voiceofsandieg.org readers know me as the person who writes “Married & Mortgaged” every other week. But I have a secret life as a freelance defense reporter – secret because I don’t write about the military for local publications.
I’ve been reading Daniel Strumpf‘s recent coverage of the military and I’m very concerned that our leaders are not doing enough to get lines of communication with the military in order so they know who to call in an emergency.
But I’m starting my blog off today by admonishing voiceofsandiego.org readers for not picking up on this and weighing in on Strumpf’s recent story about civil-military relations. It seems like the only thing people care about is the damn (can I say damn in this blog?) library (more on this subject later).
I’ve been covering the military’s policies, budgets and technology for nearly eight years, mostly as a Pentagon reporter in Washington, D.C., so I feel qualified to raise the issue.
Strumpf focused on whether the military’s presence makes us a huge terrorist target, but the story carried a much more important subtext about how our civilian leaders interact with the uniforms down the road. And apparently, it’s not very well. This is really significant because if terrorists do attack or a natural disaster leaves San Diego flooded or in rubble, it’s very likely that we’ll need military support to get a handle on things (they’ve got all the cool toys).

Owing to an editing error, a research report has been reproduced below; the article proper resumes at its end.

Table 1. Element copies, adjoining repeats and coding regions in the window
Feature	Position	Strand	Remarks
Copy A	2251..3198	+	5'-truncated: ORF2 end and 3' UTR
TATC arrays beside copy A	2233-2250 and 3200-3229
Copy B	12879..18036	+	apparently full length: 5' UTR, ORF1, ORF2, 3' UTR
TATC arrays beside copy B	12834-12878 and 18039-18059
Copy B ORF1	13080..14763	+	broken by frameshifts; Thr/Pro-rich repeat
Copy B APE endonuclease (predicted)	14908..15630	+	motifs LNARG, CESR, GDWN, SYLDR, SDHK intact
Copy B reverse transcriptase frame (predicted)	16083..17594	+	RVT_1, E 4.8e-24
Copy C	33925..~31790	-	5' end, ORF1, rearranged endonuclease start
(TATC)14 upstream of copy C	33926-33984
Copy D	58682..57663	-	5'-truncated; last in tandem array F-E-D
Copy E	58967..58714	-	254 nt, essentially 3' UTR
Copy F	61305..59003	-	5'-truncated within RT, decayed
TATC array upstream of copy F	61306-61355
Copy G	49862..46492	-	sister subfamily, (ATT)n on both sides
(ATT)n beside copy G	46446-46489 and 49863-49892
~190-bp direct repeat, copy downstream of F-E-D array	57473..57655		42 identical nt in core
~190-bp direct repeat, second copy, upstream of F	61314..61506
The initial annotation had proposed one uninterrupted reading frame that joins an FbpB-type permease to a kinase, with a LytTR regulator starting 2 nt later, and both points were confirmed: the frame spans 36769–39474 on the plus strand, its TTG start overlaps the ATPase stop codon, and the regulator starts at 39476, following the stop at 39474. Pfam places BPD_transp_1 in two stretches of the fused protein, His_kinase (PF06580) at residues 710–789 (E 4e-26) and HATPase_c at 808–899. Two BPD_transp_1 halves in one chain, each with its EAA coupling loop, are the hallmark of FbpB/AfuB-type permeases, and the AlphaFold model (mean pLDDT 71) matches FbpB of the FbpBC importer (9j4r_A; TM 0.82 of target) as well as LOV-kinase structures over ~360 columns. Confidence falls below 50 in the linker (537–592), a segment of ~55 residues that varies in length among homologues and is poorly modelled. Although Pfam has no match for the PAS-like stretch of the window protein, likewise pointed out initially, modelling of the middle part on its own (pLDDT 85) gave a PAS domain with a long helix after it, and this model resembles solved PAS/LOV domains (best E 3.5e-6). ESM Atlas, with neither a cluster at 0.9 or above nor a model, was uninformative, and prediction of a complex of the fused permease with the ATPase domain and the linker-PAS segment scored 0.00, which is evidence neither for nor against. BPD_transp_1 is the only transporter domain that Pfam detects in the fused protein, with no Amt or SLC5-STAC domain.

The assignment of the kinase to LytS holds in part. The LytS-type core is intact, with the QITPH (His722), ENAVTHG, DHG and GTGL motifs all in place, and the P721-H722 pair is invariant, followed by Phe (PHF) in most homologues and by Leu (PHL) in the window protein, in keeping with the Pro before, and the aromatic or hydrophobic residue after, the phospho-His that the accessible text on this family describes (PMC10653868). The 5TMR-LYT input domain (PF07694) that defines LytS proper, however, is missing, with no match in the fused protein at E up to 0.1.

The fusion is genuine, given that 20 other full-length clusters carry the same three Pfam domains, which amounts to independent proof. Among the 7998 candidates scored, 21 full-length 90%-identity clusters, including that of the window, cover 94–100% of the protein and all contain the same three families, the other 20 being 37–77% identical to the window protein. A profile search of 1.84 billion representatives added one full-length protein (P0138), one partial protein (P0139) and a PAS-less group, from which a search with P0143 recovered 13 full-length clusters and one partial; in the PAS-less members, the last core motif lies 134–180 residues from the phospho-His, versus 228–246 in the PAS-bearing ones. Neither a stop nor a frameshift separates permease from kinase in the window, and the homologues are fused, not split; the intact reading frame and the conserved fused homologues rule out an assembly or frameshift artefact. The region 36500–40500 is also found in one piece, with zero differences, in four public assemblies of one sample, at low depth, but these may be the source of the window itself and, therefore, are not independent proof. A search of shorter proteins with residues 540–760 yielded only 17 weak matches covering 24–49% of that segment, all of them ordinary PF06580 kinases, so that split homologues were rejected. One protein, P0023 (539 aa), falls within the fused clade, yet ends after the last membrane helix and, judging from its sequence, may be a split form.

Both National City and Oceanside have so-called mutual-aid agreements with Naval Station San Diego and Camp Pendleton, respectively, in the case of fires. And the county coordinates with Marine Corps Air Station Miramar and the California Department of Forestry on a hazardous material emergency response team, Strumpf reported.
All great. But, where is the city of San Diego? Jill Olen, the city’s lead thinker on public safety and homeland security, said the city has lost track of the agreements it has with various military commands.
“Right now I’m trying to get a better handle on what [agreements] exist and with who and what they cover,” Olen said. “I’m not entirely sure what they are or what the terms of them are or if they are still valid.”
Better get crackin’ Ms. Olen.
But National City residents ought not to get too confident about their agreement with the Navy base. Walter Amedee, National City’s homeland security manager, doesn’t even have the Navy’s phone number. Amedee told Strumpf that he would rely on the county’s Office of Emergency Services to contact Navy officials.
Does the county know that National City even has an agreement with the base? Does the county know the Navy’s phone number? And even if the answers to both questions are “Yes,” I think Mr. Amedee may be missing the point. Mutual aid agreements exist to remove bureaucratic layers.